“A Queer History of Fashion: From the Closet to the Catwalk,” now on view at the Museum at FIT, is a groundbreaking exhibition that explores the significant contributions to fashion made by LGBTQ (lesbian, gay, bisexual, transgender and queer) individuals over the past 300 years. In the show, there are approximately 100 ensembles, from 18th century menswear styles that are associated with an emerging gay subculture, to 21st century high fashion. The exhibition is currently running through Jan. 4, 2014.
You will find fashions from Christian Dior to Yves Saint Laurent, Jean Paul Gaultier and Alexander McQueen. The importance of gay men in the fashion world in the 20th century is undeniable. However, scholars have demonstrated that as early as the 1700s, gay men were pioneers in challenging sex and gender roles. Drawing on this research, this exhibit is organized chronologically, beginning with the 18th century, when cross-dressing and male milliners created controversy.
Curators Fred Dennis and Valerie Steele put this exhibition together, working with an advisory committee of eminent scholars, as well as faculty and fashion professionals. “This is about honoring the gay and lesbian designers of the past and present,” said Dennis. “By acknowledging their contributions of fashion, we want to encourage people to embrace diversity.”
“We also hope that [this] exhibition will transform our understanding of fashion history,” added Steele. “For many years, gays and lesbians were hidden from history. By acknowledging the historic influence of gay designers and by emphasizing the important role that fashion and style have played within the LGBTQ community, we see how central gay culture has been to the creation of modern fashion.”
Oscar Wilde was a key 19th century figure in the histories of homosexuality, literature and style. Elite menswear looks became an important stylistic signifier for lesbians in the late 19th and early 20th centuries. The garçonne look of the 1920s brought lesbian style into high fashion. Several extraordinary 1930s menswear worn by the great bisexual actress Marlene Dietrich have been made available for this exhibition from the Berlin Film Museum. Yves Saint Laurent’s iconic Le Smoking look, inspired by Dietrich’s tuxedo, is also featured in the display.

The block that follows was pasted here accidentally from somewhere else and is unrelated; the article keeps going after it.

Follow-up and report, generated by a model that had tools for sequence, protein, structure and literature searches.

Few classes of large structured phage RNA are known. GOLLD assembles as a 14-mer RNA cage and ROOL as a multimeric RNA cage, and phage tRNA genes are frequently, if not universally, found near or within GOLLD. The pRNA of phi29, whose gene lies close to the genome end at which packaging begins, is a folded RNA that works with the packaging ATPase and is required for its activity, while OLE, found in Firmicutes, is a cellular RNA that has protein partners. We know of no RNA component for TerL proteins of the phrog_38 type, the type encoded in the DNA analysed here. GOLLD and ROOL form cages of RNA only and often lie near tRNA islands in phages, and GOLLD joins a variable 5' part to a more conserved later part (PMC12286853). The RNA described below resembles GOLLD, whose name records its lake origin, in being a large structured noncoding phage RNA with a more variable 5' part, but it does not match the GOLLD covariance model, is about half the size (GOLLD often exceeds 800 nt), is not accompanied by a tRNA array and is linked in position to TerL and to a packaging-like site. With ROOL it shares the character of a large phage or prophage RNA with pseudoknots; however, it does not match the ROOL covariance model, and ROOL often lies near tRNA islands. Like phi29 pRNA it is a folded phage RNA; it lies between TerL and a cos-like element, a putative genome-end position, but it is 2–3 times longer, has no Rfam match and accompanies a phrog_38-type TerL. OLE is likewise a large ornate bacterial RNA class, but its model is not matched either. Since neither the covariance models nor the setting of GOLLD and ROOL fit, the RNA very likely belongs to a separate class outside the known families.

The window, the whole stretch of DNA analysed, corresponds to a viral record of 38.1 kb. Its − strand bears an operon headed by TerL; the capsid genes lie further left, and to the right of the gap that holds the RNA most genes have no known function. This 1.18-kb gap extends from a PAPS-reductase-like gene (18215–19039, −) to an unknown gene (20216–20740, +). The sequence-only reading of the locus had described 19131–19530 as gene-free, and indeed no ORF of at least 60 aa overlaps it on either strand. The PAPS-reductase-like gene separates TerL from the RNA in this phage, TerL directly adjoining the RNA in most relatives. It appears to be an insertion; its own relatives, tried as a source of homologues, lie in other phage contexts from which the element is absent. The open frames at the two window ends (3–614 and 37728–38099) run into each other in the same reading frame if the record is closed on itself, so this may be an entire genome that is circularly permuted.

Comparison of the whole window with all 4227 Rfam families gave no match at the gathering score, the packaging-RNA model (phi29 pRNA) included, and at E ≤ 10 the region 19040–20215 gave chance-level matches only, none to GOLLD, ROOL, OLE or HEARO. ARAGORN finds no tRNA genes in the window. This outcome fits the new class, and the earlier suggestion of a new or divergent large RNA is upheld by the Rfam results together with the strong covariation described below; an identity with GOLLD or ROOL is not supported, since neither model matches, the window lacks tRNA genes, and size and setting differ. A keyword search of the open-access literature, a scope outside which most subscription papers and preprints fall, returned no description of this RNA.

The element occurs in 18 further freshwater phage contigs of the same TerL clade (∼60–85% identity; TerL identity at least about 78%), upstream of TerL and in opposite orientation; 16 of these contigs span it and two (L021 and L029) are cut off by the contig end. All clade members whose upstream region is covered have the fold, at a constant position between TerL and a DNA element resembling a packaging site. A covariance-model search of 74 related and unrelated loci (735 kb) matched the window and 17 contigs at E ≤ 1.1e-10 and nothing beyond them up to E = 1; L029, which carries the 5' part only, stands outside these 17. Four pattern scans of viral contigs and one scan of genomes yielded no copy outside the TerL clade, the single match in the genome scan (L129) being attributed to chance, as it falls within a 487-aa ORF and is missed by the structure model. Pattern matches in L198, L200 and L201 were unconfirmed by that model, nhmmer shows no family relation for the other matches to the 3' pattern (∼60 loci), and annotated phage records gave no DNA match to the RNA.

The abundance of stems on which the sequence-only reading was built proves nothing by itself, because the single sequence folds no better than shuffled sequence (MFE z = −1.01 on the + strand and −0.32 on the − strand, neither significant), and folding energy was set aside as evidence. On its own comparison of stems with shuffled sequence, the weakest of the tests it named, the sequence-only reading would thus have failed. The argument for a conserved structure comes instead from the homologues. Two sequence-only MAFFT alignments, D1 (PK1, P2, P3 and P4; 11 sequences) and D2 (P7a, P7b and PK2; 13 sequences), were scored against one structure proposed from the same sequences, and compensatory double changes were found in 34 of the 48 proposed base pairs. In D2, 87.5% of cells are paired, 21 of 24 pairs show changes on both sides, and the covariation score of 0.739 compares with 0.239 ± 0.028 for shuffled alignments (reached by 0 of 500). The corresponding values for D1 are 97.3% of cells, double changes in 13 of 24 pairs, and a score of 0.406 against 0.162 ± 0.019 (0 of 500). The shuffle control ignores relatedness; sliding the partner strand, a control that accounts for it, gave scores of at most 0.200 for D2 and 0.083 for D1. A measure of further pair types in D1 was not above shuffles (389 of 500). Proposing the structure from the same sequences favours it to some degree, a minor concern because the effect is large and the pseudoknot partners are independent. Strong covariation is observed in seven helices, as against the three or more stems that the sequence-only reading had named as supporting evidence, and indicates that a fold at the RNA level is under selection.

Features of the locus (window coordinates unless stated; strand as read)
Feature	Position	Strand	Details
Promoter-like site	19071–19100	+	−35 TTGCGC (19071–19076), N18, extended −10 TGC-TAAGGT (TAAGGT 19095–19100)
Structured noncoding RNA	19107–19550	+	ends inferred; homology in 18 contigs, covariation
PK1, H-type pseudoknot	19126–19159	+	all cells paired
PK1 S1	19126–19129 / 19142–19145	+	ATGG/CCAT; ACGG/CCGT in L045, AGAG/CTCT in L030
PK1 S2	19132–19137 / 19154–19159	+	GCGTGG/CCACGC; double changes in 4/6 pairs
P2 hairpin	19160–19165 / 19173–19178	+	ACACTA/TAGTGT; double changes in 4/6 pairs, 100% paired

Nevertheless, not all lesbians and bisexual women gravitated toward tailored suits. On display, you will see a lovely lavender dress worn by lesbian actress Katharine Cornell and a body-wrapping dress designed by the great couturiere Madeleine Vionnet, who told Bruce Chatwin, “They always said I loved women too much.”
By the 1930s, identifiable gay or bisexual male designers played a significant role in fashion. It wasn’t until the 1960s that a more openly gay look began to influence “mod” menswear styles. In New York City, the Stonewall riots, which took place on June 28, 1969, marked the beginning of a more open movement.
“A Queer History of Fashion: From the Closet to the Catwalk” includes a wide range of street and subcultural styles associated with the LGBTQ community. The AIDS crisis marks a pivotal midpoint in the exhibition. Clothing by a number of designers who died of AIDS, including Halston, Perry Ellis and Bill Robinson, are featured.
The exhibition is worth a trip to the Museum at FIT.